So, is your Second Life avatar…you? I’m not asking if that person looks like the First Life you, or talks or acts like the First Life you, or even whether that person thinks like the real life you, but whether that person is you, or if we’re talking about an independent individual.
Let me get the problems of word meanings out of the way first, though, because if we’re talking about a “separate person” or “separate identity”, you could argue any position depending on what you mean by “separate” and “person” and “identity”. On the one hand, if you define a person as a unique collection of thoughts and behavior and appearance and history, then you could easily argue that an avi is Second Life is a separate person. On the other hand, if you take the view that in order for someone to be a person, they have to possess their own brain and not use someone else’s, then you come to the conclusion that there’s no such thing as an avi that’s a separate person.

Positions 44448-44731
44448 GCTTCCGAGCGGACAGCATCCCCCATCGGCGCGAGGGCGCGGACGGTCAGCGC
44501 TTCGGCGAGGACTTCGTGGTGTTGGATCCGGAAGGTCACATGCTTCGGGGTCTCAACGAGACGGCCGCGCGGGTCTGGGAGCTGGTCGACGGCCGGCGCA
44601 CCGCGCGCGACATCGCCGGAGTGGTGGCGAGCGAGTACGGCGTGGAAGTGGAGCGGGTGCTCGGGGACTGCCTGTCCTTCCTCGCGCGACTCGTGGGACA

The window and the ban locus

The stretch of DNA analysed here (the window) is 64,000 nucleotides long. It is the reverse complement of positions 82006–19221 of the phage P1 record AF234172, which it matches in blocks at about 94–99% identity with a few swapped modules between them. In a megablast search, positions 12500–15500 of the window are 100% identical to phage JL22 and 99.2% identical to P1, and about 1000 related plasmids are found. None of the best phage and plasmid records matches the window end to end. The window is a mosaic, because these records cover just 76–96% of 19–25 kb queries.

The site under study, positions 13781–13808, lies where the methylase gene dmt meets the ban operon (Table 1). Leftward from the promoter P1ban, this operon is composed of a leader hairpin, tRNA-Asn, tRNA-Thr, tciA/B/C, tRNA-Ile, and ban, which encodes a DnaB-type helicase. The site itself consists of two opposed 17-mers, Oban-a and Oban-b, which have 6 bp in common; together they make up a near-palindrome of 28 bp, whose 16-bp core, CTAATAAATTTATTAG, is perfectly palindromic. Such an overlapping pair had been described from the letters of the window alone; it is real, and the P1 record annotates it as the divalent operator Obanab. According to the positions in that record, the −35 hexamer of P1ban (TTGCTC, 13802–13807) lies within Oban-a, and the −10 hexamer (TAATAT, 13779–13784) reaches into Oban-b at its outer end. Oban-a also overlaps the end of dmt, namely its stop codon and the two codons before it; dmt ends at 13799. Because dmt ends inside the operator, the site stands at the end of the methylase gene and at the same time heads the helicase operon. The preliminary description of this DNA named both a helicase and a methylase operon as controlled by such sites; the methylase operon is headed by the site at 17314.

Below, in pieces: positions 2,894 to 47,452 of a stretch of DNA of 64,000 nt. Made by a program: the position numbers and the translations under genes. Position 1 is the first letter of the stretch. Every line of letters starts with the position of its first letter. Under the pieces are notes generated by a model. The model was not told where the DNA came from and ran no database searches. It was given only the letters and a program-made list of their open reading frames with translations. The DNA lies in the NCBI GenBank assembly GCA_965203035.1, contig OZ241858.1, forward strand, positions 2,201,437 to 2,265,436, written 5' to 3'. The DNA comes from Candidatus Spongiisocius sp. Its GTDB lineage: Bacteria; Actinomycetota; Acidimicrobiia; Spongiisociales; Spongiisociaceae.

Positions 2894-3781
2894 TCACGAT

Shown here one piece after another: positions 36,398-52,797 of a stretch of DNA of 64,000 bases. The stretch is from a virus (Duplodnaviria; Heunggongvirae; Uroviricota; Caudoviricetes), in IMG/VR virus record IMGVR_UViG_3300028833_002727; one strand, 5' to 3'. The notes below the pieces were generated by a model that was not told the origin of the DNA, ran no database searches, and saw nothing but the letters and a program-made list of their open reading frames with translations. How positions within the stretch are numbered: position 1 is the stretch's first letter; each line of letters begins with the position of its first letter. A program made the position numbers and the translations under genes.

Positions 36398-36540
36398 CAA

So we can go either way with this, and as usual, I want to get to whatever answer is going to help us understand ourselves better, and to understand our Second Lives better.
For some people, there’s no meaningful question here: their Second Life avi is not only not them, it isn’t anybody. It’s a game piece, a puppet, a placeholder. I can understand where such a person is coming from, especially if they’re thinking of Second Life as a game rather than a gathering place, but we can comfortably put such people out of our discussion, because it’s just a game with them; their identity isn’t deeply involved.